This concept can be applied to all kinds of conductors, and circuits? Even circuits that carry kA, to conductor's that are quite large(busbars)etc...

5,165
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Dec 18, 2013
Can you just clarify a few things please. You show the power source as a battery, are you planning on switch this on and off if so at what frequency. You show something that looks like a magnet, is this producing the changing magnetic field or is this just a horse shoe magnet of some kind.

Thanks

11. ### XRZ

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Jul 30, 2014
@Steve,to increase voltage wouldn't the circuit's resistance change to increase the voltage and maintain the same current?

Say we have a circuit that's resistance is 0.01 Ohms(that's the resistance of the conductors, so it should be fixed) the induced-emf(back-emf)is calculated to be 2V(it's always present so its a constantly induced, from a changing magnetic field, or motion in that magnetic field), the desired current with the present of back-emf is 100A, now the required voltage would be 0.001 x 100A = 1V, now the induced-emf is the problem. How would this be solved? o that the circuit will have the same current with the existence of back-emf always?

Of course, by adding more power correct? Okay, but how?
If more power is added to apply a higher voltage to maintain the back-emf, how would that work out?

sourceVoltage - inducedVoltage = totalVoltage?
Okay, if that is the case... 3V - 2V = 1V, but the resistance was previously increased, now the current will decreased?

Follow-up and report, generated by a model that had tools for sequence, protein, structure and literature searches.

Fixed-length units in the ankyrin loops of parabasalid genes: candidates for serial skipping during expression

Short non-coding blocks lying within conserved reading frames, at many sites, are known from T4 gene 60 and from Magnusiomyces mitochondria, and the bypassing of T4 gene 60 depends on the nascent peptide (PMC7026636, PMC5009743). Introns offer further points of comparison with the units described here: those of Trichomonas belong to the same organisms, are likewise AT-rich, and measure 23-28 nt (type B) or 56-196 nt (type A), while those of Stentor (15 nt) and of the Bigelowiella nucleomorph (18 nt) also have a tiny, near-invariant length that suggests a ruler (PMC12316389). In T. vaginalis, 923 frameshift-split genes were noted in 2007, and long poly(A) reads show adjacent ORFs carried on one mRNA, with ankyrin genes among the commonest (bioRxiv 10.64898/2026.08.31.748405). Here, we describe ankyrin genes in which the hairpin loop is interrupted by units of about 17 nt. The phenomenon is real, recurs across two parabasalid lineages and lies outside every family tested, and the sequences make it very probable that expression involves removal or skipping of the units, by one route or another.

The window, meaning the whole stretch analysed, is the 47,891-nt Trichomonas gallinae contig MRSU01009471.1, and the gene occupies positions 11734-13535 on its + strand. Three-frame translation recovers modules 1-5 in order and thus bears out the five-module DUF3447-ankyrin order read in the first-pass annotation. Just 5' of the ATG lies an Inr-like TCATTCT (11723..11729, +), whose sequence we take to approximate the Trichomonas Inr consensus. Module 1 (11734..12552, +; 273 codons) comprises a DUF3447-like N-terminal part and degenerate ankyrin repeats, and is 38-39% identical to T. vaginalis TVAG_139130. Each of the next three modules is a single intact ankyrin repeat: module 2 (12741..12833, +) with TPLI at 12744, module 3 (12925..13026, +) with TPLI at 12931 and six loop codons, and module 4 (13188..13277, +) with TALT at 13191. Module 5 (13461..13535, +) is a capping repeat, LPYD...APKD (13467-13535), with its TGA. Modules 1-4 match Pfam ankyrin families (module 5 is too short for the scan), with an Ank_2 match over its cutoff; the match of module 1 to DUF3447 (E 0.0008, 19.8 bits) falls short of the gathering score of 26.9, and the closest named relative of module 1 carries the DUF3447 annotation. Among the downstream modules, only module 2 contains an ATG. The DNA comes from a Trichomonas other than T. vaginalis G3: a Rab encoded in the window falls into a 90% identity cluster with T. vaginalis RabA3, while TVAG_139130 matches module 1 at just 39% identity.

Btw, do the source voltage cancel? Would it stay at 3V or drop to 2V due to back-emf?

12. ### Gryd3

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Jun 25, 2014
XRZ, you may be over complicating things.
V=IR is a nice little triangle. When you need to change one item, you can usually pick which of the other two you can alter.
This is the case with constant current sources... they cannot alter the resistance of the circuit, so they alter the voltage provided to it.
Constant voltage sources alter the current provided to keep voltage the same.
Even a source has a resistance though... so as you say, the back-emf induced by a magnetic field will induce a voltage in the wire, when seen externally though from a power supply point of view, this could be seen as the circuit changing it's resistance, and the source could then compensate.
Something to consider is the scale of your numbers you are using. 100A being induced by a 1V charge is highly unlikely in many known circuits. The exception would be a single loop of wire with no components. Like I said earlier... even voltage/current sources have a resistance, so you would need to have no resistive components in your circuit.

Alternatively, depending on the EMF, other properties such as inductance and capacitance which is present in all electronics to a degree can help mitigate small EMF.

There is something potentially tricky though... If your circuit includes items connected in parallel, the EMF could only affect one of the parallel branches and create it's own circuit within the complex circuit that the power source would not see as the sum of the voltages or currents could be 0 where the parallel circuits join together at the power supply.

13. ### XRZ

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Jul 30, 2014
Gryd3, In the case of a constant current source, how can the voltage be altered without changing the resistance of the circuit?
Using the example I provided, how would things work out?

To maintain 100A, what would be the result, how much power is needed before back-emf, and after back-emf is induced?